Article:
20120927 Craig Johnson - Up-conversion for crystalline Si photovoltaics
27 September 2012
Up-conversion for crystalline Si photovoltaics: realistic efficiency limits and enhancement in photonic structures
SPREE PhD Student (thesis submitted - PhD pending)
Up-conversion (UC) has been proposed as a means of breaking the Shockley-Queisser limit by converting the sub-band-gap portion of the solar spectrum into shorter-wavelength light. While the limiting efficiency of ideal UC-PV is lower than that of other Third Generation concepts, its simple realisation suggests that it is a viable near-term solution for commercial devices. In particular, it has been assumed that the application of a UC layer to the rear of a conventional Si solar cell---to boost its limiting efficiency to near 40%---will secure a prominent commercial position for the technology.
In this talk I will discuss the engineering challenges involved in the design of a c-Si-based UC-PV device: using a detailed balance framework, I first develop a generalised model of a 'realistic' c-Si solar cell and discuss the deviations from ideality that have an especially significant impact on UC-PV efficiency.
Second, I incorporate the substantial non-idealities of erbium-based UC layers into the model and discuss their on UC-PV device efficiency. The results indicate that it will be difficult to experimentally demonstrate increased c-Si solar cell efficiency by the application of an erbium-based UC layer without substantial improvement of the optical properties of the materials involved.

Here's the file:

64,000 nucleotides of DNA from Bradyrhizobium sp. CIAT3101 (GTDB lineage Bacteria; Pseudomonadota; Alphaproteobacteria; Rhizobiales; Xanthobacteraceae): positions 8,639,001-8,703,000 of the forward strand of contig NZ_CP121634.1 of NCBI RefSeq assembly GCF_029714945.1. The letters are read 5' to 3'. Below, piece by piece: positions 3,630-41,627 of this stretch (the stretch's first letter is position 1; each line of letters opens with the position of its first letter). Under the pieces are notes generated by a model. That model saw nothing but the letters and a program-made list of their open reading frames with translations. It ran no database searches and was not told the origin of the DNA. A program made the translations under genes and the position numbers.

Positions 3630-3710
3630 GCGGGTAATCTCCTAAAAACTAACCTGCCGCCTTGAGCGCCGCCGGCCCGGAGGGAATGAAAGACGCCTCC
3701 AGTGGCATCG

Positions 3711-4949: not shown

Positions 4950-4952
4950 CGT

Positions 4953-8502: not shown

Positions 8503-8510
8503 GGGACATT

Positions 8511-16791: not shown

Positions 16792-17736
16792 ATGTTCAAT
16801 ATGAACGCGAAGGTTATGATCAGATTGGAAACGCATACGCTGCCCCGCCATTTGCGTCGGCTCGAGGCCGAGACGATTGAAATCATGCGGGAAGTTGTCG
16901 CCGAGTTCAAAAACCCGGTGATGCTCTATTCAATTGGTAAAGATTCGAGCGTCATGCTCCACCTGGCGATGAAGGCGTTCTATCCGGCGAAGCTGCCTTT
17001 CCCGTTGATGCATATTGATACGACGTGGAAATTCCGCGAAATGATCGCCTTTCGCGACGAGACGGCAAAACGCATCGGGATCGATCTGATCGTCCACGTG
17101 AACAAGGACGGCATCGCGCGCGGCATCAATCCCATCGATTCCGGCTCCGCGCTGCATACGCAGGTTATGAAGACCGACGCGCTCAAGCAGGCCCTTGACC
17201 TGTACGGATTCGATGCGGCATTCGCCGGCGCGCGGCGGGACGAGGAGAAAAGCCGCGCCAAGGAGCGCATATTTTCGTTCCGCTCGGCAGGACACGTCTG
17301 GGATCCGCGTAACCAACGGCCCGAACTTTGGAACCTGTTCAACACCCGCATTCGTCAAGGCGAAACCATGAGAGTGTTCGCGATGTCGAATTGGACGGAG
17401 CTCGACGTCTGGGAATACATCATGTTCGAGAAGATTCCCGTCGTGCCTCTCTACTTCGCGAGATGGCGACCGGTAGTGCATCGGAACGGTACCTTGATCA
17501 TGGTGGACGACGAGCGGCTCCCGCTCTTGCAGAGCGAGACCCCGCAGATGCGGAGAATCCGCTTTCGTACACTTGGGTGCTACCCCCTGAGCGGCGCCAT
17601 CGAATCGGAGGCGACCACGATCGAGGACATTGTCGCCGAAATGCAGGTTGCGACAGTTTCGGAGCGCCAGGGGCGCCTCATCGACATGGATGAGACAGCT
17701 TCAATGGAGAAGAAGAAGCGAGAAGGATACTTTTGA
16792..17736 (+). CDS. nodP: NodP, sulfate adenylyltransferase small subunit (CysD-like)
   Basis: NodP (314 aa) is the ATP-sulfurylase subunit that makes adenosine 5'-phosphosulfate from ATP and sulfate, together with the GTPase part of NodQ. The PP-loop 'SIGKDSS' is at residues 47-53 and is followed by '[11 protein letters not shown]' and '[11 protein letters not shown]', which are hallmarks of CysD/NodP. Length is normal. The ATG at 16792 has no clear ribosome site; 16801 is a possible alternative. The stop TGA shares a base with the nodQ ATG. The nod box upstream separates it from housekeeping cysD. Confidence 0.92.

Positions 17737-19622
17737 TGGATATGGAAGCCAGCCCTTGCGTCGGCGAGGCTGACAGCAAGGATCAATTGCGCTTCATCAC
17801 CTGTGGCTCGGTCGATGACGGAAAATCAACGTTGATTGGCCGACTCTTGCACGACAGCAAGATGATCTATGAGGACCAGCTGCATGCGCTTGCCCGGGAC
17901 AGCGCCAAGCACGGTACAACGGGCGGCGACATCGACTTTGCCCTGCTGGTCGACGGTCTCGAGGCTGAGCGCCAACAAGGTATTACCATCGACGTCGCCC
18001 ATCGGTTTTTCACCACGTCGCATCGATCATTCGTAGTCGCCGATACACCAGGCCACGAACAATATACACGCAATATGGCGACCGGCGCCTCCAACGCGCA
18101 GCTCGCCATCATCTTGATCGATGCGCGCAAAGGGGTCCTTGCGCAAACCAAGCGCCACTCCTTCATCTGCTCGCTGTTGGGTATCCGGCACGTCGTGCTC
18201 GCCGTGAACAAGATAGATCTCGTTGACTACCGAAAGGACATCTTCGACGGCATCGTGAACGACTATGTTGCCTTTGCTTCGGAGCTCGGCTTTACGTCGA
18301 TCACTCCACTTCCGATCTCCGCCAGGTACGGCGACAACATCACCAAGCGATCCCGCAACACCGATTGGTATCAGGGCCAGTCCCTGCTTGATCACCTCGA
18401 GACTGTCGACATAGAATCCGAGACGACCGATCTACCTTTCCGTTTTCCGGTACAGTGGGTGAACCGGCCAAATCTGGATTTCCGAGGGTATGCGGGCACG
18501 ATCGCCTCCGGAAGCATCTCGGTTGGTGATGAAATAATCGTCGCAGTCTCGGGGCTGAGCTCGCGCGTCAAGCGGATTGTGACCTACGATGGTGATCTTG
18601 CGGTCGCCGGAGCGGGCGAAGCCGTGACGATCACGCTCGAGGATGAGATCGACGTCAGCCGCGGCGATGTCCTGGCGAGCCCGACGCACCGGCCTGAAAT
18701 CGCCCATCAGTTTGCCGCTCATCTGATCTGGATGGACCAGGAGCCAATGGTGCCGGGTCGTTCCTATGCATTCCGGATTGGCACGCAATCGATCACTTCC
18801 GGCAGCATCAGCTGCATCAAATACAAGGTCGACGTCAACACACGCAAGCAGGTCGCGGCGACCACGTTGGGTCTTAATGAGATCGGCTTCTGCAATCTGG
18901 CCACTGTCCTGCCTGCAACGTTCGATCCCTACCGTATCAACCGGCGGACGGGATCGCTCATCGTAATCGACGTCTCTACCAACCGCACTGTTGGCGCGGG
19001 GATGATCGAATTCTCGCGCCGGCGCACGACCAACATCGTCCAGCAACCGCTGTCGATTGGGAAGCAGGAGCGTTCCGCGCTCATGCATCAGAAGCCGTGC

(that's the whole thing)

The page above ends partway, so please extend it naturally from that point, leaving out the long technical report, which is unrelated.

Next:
Third, I demonstrate that absorption in UC layers may be increased above the bulk value if the layer is designed to function as a one-dimensional photonic crystal. In an appropriately-designed structure, the velocity of energy propagation may slow to a crawl---tens of times slower than the speed of light in vacuum---resulting in high energy densities. Pumping optical transitions in these 'slow light modes' results in strong absorption, which may lead to higher UC-PV efficiency. I will demonstrate the calculated impact of this effect as well as experimental evidence of absorption enhancement in Si-based erbium-doped photonic crystals.
CRAIG JOHNSON received a Bachelor of Science in Electrical Engineering from the Georgia Institute of Technology in 2007 and has been at SPREE since 2008. He has just submitted his PhD and is now working on plasmonics with Dr. Supriya Pillai.